By September 11th—on the twentieth anniversary of the 9/11 attacks—all American and NATO forces will be pulled out of Afghanistan. This will mean the removal of 2,500 U.S. counterterrorism troops along with over 7,000 NATO forces. A withdrawal of troops has positive connotations for a generational war that has been notoriously mismanaged from the start, but this news does not bode well for a more peaceful global climate.
Having entered Afghanistan nearly twenty years ago, the U.S. toppled the Taliban from power and attempted to find and dismantle al-Qaeda. With 2,300 U.S. troops killed, over 20,000 wounded, and at least 100,000 Afghan civilians injured or killed, the Taliban control more territory today than at any time since they were removed from power in 2001.
Biden, who had initially favoured a counterterrorism force to stay in the country, is moving ahead with an exit without conditions—an exit which the Trump administration had initially negotiated with the Taliban for May 1st, albeit with conditions. Taking into consideration the rise in militant attacks against Afghan forces in recent months and the weakness in state structures, many see this exit as a prelude to the collapse of President Ghani’s Afghanistan. As always, it will be civilians who pay the price; UN data shows that already an average of eight Afghans was killed and fifteen injured every day in 2020.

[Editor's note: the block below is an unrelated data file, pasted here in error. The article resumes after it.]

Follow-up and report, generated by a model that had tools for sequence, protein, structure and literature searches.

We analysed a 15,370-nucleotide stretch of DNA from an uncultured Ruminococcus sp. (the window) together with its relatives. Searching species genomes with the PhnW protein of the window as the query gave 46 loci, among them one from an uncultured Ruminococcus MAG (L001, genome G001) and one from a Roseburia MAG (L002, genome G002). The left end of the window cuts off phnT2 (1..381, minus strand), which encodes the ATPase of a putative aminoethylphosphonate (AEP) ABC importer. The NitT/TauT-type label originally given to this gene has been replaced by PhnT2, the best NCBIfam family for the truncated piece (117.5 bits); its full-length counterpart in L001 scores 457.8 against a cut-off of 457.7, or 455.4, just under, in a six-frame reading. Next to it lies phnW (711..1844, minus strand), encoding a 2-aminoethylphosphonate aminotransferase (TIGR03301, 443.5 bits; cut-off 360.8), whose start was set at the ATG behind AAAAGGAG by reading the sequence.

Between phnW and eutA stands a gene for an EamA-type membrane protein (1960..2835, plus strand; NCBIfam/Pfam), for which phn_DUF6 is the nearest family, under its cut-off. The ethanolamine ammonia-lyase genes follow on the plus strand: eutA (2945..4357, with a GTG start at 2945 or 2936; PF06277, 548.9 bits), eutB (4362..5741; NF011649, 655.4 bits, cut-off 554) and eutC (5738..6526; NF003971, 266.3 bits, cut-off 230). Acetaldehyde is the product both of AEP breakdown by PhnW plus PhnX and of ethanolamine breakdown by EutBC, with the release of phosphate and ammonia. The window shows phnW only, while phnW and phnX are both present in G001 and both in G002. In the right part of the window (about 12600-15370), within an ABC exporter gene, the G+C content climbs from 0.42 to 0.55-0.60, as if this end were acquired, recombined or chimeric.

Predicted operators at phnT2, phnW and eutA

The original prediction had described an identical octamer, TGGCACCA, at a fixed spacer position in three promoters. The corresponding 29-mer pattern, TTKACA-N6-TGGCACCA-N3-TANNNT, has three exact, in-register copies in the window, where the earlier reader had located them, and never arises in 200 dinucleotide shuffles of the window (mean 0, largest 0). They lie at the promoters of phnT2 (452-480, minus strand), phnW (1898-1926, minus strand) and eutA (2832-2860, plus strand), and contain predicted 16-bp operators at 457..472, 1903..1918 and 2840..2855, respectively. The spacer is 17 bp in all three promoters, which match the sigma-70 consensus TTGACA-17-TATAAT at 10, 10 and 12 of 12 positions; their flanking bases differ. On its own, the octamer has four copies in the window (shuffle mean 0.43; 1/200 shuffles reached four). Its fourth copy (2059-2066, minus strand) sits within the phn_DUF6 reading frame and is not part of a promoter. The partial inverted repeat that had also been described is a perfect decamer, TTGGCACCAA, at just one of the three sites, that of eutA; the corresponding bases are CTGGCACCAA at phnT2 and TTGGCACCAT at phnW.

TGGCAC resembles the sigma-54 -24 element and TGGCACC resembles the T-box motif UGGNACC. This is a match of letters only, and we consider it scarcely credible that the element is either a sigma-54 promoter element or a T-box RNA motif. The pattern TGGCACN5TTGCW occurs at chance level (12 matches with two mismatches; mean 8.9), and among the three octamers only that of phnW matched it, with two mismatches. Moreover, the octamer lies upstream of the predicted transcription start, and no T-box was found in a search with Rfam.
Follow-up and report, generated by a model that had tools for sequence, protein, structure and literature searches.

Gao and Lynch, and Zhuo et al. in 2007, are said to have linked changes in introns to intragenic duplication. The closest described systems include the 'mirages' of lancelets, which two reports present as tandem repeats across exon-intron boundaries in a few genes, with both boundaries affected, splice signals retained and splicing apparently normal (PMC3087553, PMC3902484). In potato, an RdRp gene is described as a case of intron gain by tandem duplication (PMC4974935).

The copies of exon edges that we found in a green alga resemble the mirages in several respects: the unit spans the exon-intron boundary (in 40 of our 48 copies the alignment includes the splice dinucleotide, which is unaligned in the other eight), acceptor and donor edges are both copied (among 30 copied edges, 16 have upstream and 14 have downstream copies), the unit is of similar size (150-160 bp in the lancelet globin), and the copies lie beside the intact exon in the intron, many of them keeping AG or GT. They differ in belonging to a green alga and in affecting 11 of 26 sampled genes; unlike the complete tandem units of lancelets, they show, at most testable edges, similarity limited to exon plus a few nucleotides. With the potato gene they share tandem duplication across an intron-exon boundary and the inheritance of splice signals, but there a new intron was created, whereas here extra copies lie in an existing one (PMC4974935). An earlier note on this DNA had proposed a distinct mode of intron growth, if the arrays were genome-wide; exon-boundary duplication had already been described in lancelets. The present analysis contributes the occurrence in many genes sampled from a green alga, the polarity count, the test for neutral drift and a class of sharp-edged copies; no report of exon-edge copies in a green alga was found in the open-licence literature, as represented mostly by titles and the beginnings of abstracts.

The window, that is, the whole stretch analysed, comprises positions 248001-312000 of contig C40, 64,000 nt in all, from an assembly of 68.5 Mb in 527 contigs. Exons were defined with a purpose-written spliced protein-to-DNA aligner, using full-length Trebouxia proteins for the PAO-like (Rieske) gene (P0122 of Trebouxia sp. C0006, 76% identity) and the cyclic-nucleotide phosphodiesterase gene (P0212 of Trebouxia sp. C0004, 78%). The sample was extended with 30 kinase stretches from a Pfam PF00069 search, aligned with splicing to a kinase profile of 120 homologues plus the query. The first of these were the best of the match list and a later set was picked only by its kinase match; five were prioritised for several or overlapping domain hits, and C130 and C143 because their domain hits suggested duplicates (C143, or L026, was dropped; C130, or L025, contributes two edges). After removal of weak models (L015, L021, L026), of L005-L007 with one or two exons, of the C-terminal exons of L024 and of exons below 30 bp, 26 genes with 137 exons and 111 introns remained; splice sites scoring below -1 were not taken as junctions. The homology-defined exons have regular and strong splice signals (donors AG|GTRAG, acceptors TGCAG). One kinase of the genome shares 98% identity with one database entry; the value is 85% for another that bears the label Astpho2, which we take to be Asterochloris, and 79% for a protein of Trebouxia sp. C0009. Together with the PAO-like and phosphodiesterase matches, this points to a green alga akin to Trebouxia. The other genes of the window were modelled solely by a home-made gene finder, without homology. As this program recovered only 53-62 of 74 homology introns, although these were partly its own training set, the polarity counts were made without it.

Yet, it’s difficult to argue that the 20-year military presence has been anything but a wasteful and deadly miscalculation. The U.S. meddling in the Middle East has bred more terrorists than killed: that much is clear. Proponents of the exit also point to other threats that have become more prominent in recent years. Terrorism stemming from Africa and an increasingly antagonistic China will be the new foci of American foreign policy. To this effect, the removal of troops from Afghanistan will lead to anything but peace.
And this is to say nothing of the people that will be left behind. Women, in particular, have enjoyed significantly more liberties under Ghani’s government, being able to work freely and even join the army. Needless to say, this was not the case while the Taliban held power.
Nevertheless, the militant group has agreed to talk with the government when coalition forces pull out. They have even agreed to support women’s rights upon returning to power—a dicey claim considering the practices in parts of Afghanistan that they control.
The removal of American troops from Afghanistan should be celebrated—if the Taliban uphold their end of the deal and go into talks. But this isn’t a story with a happy ending: most likely the government will collapse if the two sides do not come to some sort of understanding, and Kabul will be taken over once again and ruined by war. This is also not a happy ending for international peace. With China increasingly flexing its might, and the U.S. eager to counter, it will take a peace-first diplomacy to avoid any sparks—a peace-first diplomacy that is chronically absent from international relations.